Predictions that Georgia might replicate the Russian practice of taming disobedient media owners appear to have come true. The voluntary renunciation by Georgian media mogul Erosi Kitsmarishvili of his lucrative media business has rekindled the thorny question about how Saakashvili’s government treats the private media (See EDM, July 29, September 24).
On October 13, Georgia’s First Deputy Foreign Minister, Nika Tabatadze, unexpectedly announced that he would quit his post to become general director of the Rustavi-2 television company, where he had previously worked as head of the news division and currently is a 10% shareholder.
Tabatadze did not make secret that both Prime Minister Zurab Zhvania and President Mikheil Saakashvili approved his return to Rustavi-2. “The discussion with them was emotionally hard, but finally they advised me to act in the best interests of the business,” he added. Tabatadze said that he would make changes at Rustavi-2 but did not go into detail. According to the media, Tabatadze has been directly assigned to head Rustavi-2 by Saakashvili with the single task of making the freewheeling broadcasting company fully loyal to the government. Tabatadze, however, claims Rustavi-2’s current general director, Erosi Kitsmarishvili, offered the post to him. According to Tabatadze, Kitsmarishvili is now going to have some time off.
Kitsmarishvili did not comment on the reasons that compelled him to abandon one of Georgia’s strongest media holdings, which he has nurtured since 1994. According to some sources, the real story is that Kitsmarishvili had to resign after sharp disagreements with the government, particularly Saakashvili and Zhvania.
As co-founder and president of Rustavi-2, Erosi Kitsmarishvili managed to make a provincial television station from the city of Rustavi, near Tbilisi, into one of Georgia’s leading broadcasting companies. This gave him a good opportunity to serve as an opposition mouthpiece, on the one hand, and enter into deals with the high and mighty on the other. Beginning in the late 1990s the information policies of Rustavi-2 have frequently aligned with the political interests of Zhvania and Saakashvili, who were known as the “reform team” in Eduard Shevardnadze’s government. In November 2001, when Ministry of State Security troops stormed the Rustavi-2 office to seize financial documents relating to charges of tax evasion, it was Zhvania and Saakashvili who championed Rustavi-2 and used the incident as an opportunity to stage an anti-Shevardnadze public protest under the pretext of defending freedom of speech in the country. The protest served as a dress rehearsal for the eventual revolution and further increased Kitsmarishvili’s reputation as a leader of a popular television company able to influence public opinion.
Thus, it was quite logical that Rustavi-2 played a prominent role in last November’s bloodless Rose Revolution by supporting Zhvania and Saakashvili against Shevardnadze’s regime. In fact, Rustavi-2 began to call itself “television of the winners.” But since the new government assumed power, Rustavi-2’s opponents have frequently criticized its for transforming into a pro-government television network.
Kitsmarishvili’s contribution to the revolution was acknowledged by offering him the influential post of president of the Georgian Chamber of Commerce and Industry on February 24. Meanwhile, Kitsmarishvili likely assumed his pre-Rose Revolution efforts entitled him to claim special privileges in the post-Shevardnadze redistribution of power. His interests rapidly spread beyond the media industry to encompass oil transport, the Rustavi metallurgical works, and other profitable industries that had already been informally divided among different clans, including those close to Zhvania and Saakashvili.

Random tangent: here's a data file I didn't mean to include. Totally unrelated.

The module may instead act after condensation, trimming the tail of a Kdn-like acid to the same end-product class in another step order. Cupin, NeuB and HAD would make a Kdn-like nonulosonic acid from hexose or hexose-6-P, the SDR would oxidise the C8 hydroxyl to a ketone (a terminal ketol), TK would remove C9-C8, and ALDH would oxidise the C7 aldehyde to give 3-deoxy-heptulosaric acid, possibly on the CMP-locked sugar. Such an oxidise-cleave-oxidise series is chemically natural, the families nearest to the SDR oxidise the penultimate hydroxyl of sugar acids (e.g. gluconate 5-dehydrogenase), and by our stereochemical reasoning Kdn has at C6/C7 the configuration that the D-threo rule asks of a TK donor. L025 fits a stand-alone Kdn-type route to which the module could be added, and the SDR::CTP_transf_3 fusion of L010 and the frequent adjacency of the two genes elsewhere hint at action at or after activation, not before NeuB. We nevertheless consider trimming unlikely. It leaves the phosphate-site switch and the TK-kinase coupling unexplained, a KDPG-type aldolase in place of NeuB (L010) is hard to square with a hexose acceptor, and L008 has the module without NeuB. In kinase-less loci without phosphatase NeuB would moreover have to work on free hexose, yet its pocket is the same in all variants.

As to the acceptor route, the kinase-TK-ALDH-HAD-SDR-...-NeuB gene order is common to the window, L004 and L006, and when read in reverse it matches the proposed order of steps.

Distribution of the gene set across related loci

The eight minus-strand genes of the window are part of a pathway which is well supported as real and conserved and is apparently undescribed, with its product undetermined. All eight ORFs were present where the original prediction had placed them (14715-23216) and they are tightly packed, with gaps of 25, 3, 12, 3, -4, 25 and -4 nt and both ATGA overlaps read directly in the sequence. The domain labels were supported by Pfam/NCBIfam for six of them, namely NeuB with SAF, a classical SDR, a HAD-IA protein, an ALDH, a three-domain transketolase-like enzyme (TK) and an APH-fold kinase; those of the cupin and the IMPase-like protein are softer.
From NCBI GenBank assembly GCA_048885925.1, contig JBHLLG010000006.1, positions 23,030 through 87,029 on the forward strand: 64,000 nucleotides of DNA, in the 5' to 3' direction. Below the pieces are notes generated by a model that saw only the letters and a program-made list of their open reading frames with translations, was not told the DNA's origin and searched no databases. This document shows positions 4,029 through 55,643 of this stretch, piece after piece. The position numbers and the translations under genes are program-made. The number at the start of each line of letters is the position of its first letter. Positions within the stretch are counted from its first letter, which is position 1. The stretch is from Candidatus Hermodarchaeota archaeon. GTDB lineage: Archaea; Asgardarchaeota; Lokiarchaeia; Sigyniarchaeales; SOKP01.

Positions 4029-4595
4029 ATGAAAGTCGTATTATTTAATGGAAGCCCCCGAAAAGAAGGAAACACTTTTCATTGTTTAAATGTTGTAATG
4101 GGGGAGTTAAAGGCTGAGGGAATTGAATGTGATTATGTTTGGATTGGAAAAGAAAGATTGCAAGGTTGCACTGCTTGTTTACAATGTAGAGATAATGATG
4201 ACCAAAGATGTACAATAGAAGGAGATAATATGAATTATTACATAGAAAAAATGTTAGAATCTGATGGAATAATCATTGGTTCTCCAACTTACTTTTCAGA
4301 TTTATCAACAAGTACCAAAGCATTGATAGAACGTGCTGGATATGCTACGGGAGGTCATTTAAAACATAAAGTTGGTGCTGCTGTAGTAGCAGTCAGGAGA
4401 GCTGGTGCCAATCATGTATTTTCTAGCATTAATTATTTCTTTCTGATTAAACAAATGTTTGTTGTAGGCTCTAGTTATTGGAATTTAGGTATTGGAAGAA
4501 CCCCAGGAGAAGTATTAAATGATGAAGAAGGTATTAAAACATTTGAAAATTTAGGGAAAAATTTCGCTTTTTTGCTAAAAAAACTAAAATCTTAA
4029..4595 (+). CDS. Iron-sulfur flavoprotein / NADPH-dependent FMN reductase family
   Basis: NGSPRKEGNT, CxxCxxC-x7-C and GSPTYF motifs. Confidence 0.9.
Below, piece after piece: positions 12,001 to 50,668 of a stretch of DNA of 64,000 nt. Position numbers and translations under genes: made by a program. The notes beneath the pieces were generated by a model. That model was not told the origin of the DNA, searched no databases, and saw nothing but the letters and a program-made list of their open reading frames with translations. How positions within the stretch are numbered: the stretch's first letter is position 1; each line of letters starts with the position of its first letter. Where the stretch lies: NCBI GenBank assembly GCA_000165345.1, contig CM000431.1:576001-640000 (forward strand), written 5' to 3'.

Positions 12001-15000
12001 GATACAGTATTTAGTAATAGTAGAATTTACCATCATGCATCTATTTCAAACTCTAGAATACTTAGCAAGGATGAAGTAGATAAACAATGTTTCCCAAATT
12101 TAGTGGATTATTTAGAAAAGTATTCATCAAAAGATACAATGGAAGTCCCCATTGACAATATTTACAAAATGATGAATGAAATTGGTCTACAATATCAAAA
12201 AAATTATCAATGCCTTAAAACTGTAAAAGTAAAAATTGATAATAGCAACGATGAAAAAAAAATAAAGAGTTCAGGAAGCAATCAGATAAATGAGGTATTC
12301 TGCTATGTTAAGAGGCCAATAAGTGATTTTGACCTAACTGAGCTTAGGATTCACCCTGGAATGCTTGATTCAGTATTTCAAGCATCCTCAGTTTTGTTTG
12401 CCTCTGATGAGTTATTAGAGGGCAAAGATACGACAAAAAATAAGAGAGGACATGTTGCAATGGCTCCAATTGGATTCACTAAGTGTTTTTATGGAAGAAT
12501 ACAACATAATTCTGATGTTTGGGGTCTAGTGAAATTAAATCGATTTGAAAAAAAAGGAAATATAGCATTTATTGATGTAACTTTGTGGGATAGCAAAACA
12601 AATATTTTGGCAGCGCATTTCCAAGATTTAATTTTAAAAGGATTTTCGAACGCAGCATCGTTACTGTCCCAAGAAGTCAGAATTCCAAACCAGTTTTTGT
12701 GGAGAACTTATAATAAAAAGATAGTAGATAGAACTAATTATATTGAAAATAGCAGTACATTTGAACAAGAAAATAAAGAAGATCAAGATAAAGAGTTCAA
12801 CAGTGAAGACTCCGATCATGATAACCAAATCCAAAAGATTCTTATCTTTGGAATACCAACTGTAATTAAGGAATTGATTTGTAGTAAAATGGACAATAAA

Apparently, the government and the business establishment could not tolerate the newly emerged oligarch’s attempts to become a player into the oversaturated market. Kitsmarishvili reportedly threatened to withdraw his media support, and Rustavi-2 even launched a short-term anti-Zhvania information war by exposing his brothers’ questionable business deals.
As conflict between Kitsmarishvili and the government accelerated, troubles began to brew for Rustavi-2, Kitsmarishvili’s principal weapon. When tax authorities announced that Rustavi-2 owed the state and private creditors some $4.5 million, Kitsmarishvili was forced to announce that Rustavi-2 was bankrupt.
On July 19, controlling stock of Rustavi-2 went into the hands of Ajarian businessman Kibar Khalvashi, widely seen as a straw man for the influential Interior Minister Irkali Okruashvili and his entourage. Although Saakashvili publicly promised that he would not allow anyone to kill Rustavi-2, the fate of the broadcasting company and its owner was already sealed. On August 31, Kitsmarishvili resigned as president of the Georgian Chamber of Commerce and Industry and gave up his ambitious economic plans. Sources say this move likely saved Kitsmarishvili from imminent arrest.
The Georgian media are speculating that Kitsmarishvili will leave Georgia either for Russia or Europe. Kitsmarishvili appears to have been pressed out of the Georgian media community much like the Russian media moguls Boris Berezovsky and Vladimir Gusinsky, who also fled abroad. Indeed, the latest developments around Rustavi-2 resemble what happened with Russian NTV. The Georgian civil sector has unanimously assessed Kitsmarishvili’s departure as an alarming trend in relations between the state and media and a sign of increased fighting for influence between rival groups in the government and business.
(BBC, Kavkasia-Press, Civil Georgia, TV-Imedi, October 13; New Version, 24 Hours, Resonance, Akhali Taoba, Alia, October 14).